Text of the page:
Following the World trade Center attack, Personal effects. Personal effects include possessions such as jewelry, clothing, documents, and wallets. They can be used for identification if they are in good condition (Tilstone, Savage & Clark, 2006, p. 211). These things could also contain traces of DNA sample. Nineteen of victims of the World Trade Center attacks with the help of their personal effects (Jennings and Chen, n. d. , p. 10). All throughout history, countries around the world have experienced mass disasters that left their people with mutilated remains.
The desire of families to give their dead relatives a proper burial has encouraged law enforcement and forensic laboratories to identify mass victims. Furthermore, some jurisdictions require identification of the victim so that the family of the victim can collect life insurance policies. There were improvements with regards to the methods used to identify victims of mass disasters. Methods include fingerprinting, dental records, DNA testing, personal effects and physical identification. Fingerprinting is a reliable method, only if the fingers are not damaged.
Dental records are reliable and fast because, like fingerprints, teeth have patterns that are unique for each person. DNA, on the other hand, has been on the front lines of methods of victim identification. This was the method that has been used in many mass disasters. Personal effects are useful as well, and include the personal belongings of the victims that can be traced to them. Physical identification refers to body marks such as tattoos and scars. It also includes eyes and hair colors and birthmarks.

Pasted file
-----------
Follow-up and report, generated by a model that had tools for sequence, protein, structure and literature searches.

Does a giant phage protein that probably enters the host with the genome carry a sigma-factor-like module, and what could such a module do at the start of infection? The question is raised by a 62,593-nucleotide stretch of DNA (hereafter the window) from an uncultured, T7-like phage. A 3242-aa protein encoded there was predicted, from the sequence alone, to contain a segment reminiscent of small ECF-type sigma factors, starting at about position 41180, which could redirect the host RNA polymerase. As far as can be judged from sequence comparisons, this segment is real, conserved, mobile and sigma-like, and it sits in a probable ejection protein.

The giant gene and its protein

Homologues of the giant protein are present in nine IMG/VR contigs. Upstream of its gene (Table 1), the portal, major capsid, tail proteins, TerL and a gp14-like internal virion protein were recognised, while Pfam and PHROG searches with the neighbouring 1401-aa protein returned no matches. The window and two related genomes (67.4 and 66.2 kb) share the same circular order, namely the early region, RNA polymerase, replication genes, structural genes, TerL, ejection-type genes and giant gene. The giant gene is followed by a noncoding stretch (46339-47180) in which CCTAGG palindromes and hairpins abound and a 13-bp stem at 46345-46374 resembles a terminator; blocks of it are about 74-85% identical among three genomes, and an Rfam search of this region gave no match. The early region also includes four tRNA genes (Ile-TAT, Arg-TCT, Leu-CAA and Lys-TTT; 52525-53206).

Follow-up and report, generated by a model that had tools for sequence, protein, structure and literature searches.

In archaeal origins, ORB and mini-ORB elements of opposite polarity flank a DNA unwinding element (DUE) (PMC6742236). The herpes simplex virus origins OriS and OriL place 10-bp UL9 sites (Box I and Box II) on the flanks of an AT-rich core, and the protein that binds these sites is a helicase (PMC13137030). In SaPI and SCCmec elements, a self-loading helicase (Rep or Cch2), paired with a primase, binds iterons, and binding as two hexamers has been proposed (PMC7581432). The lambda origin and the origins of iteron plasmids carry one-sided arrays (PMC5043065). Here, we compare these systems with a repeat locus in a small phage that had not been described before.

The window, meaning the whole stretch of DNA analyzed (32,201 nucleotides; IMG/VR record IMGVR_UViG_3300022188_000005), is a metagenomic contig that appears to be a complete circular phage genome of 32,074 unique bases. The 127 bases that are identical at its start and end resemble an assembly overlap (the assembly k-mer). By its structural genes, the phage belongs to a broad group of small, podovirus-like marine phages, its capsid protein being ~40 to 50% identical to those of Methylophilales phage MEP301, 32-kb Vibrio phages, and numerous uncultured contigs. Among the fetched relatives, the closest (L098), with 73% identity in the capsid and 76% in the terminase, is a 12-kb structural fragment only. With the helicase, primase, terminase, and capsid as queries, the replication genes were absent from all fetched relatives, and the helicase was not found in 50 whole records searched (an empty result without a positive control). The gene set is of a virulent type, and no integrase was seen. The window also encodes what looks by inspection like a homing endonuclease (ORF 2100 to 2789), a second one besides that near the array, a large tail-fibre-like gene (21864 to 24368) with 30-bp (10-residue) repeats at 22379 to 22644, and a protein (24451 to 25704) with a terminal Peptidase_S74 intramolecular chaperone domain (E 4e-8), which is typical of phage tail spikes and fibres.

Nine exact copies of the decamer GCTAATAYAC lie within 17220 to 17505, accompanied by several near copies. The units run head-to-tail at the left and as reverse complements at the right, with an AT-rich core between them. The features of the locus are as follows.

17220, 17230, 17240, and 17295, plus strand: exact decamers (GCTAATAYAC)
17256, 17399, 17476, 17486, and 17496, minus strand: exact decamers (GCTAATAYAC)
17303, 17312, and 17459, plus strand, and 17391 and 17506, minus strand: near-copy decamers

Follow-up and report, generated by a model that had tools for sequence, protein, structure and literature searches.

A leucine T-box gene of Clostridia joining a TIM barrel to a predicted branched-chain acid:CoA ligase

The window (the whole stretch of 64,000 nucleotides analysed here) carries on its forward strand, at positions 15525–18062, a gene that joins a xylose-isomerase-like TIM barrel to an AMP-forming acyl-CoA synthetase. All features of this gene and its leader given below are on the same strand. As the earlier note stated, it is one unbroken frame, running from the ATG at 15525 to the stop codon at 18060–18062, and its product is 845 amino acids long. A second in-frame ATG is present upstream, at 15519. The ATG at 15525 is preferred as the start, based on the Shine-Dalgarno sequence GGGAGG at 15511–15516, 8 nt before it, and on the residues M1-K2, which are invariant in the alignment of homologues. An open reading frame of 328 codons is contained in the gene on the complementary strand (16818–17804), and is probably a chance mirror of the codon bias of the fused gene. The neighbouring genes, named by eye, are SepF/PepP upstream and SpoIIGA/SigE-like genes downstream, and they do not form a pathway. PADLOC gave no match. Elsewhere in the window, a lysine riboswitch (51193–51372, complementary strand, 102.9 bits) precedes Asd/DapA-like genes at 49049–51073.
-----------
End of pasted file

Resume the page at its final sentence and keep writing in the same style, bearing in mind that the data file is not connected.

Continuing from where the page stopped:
References Butler, J. M. (2005). Forensic DNA typing: biology, technology, and genetics of STR markers. United States: Academic Press. DNA. gov. (n. d. ). Chapter 1: Introduction. Retrieved April 8, 2009, from http://massfatality. dna. gov/Introduction/ Fimate, L. (2002). Role of forensic pathologist in mass disaster management. Manipur Online. Retrieved April 8, 2009, from http://www. manipuronline. com/Potpourri/October2002/forensicpathology20_1. htm Hall, L. L. (1997). Disasters and dental ID: New team speeds the task. University of Alabama at Birmingham. Retrieved April 8, 2009, from http://main. uab. edu/show. asp? durki=49270 Jennings, K. and Chen, Y. (n. d. ).
Applications of biometrics in mass disaster victim identification. Michigan State University. Retrieved April 8, 2009, from http://www. cse. msu. edu/~cse891/Sect601/CaseStudy/BiometricsDisasterVictimID. pdf Tilstone, W. J. , Savage, K. A. and Clark, L. A. (2006). Forensic science: An encyclopedia of history, methods, and techniques. United States: ABC-CLIO. University of Colorado at Boulder. (2006). Dealing with foreign dead: An evolution of mass-casualty identification. Retrieved April 8, 2009, from http://www. colorado. edu/hazards/o/archives/2006/may06/may06d. html